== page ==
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Let’s Get Physical – The Importance of Physical Media

In the modern streaming age, you might think physical media is a thing of the past; a relic of a bygone era. But music in the form of vinyl records, and film and television in the form of blu-ray has been making quite the comeback in the last few years. 

While physical media is far from the juggernaut it once was, being the primary way to enjoy copies of music, film, and television at home, it’s slowly returning to its former glory. Collecting vinyl records is becoming more commonplace than the niche hipster hobby it once was thanks to programs like Record Store Day, major artists like Taylor Swift and Harry Styles, and classic groups like Fleetwood Mac and The Beatles re-pressing classic albums. 

Vinyl records are often seen by audiophiles and hobbyists alike as the highest quality method of listening to music. While it is true that vinyl records have the capacity to be higher quality than its counterparts in the industry, any audiophile will tell you it takes more than a suitcase Victrola record player and a cheap speaker to sound any better than Spotify over your car speakers. The proper equipment to get a clean sound from vinyl sound is often expensive and complicated, creating a barrier for new vinyl listeners to feel their part of the community. 

A cheaper alternative to vinyl records would be their smaller shinier cousins, CDs; king of the early 2000s, later dethroned by online streaming services like Deezer and Last.FM. CDs don’t degrade how vinyl does and most cars already have a stereo capable of playing them. While CDs aren’t inherently better than streaming, they have the capacity for storing lossless audio files. Lossless audio files have the same quality as a vinyl record, losing no data in the transfer from studio to disc. However, this does require either knowing where to find lossless CDs or files, and potentially burning them to disc yourself.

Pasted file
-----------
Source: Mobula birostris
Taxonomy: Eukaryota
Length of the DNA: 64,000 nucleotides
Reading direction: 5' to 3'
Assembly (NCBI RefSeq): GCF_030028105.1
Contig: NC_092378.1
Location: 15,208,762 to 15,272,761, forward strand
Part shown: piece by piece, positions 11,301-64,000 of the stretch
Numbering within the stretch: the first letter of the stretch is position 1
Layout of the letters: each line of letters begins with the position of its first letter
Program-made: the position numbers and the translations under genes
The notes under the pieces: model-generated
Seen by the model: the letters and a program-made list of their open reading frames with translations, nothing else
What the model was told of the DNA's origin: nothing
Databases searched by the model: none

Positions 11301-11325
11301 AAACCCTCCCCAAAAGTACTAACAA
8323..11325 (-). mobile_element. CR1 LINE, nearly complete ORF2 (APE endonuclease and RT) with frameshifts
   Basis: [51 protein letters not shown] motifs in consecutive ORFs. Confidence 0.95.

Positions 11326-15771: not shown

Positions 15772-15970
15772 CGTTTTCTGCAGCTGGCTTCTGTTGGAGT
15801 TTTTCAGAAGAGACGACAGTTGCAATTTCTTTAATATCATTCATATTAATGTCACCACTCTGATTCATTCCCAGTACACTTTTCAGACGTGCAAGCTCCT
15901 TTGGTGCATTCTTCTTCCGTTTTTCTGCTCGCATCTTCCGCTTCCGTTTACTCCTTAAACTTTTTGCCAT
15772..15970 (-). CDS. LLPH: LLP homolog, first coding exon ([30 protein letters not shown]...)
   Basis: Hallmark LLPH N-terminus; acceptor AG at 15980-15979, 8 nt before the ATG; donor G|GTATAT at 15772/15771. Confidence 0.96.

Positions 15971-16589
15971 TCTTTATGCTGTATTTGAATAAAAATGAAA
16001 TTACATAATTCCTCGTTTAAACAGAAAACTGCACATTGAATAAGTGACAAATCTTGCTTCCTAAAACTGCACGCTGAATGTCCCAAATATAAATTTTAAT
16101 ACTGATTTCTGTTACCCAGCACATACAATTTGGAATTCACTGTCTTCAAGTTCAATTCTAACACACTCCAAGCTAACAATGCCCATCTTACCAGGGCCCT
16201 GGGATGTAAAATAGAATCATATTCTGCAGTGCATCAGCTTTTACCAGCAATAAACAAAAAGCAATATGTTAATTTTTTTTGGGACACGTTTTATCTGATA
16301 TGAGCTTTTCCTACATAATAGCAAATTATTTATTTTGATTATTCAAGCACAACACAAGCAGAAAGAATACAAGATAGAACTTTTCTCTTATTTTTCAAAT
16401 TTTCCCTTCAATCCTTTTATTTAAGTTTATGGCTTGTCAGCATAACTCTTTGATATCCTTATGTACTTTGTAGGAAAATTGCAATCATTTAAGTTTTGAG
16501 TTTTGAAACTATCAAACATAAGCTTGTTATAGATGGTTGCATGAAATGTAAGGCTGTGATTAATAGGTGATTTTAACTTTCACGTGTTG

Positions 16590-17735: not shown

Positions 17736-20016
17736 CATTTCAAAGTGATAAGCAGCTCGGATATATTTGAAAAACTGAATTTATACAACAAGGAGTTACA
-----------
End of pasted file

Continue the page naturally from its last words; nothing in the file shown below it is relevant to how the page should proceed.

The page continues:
For some people, music just isn’t that important to them. It’s just what you listen to while driving or working out, and that’s perfectly alright. High-quality audio is much more of a hobby than it used to be. But with the streaming era extending to film and television as well, the state of physical video media is far more dire than audio. Big streaming services like Max and Disney+ are known to wordlessly remove projects from their catalogs, with others like Netflix and Prime Video jacking up prices and adding more expensive “ad free” tiers to their services. This is a far more finicky system than with audio, with people losing access to their favorite shows and movies with little notice. The easiest way to not lose access to these projects is simple; own them. It is far more difficult to own video than audio, however.

Studios are less inclined to release movies on blu-ray after a theatrical release, and some streaming shows are meant to be “exclusive” to their platforms and never see the light of a physical release. It’s important to save these projects on physical media not only for the sake of people who want to enjoy them now, but for future viewers who might not have access to them once these streaming services shut down, pull the show/movie from their catalog, or just become lost to time.

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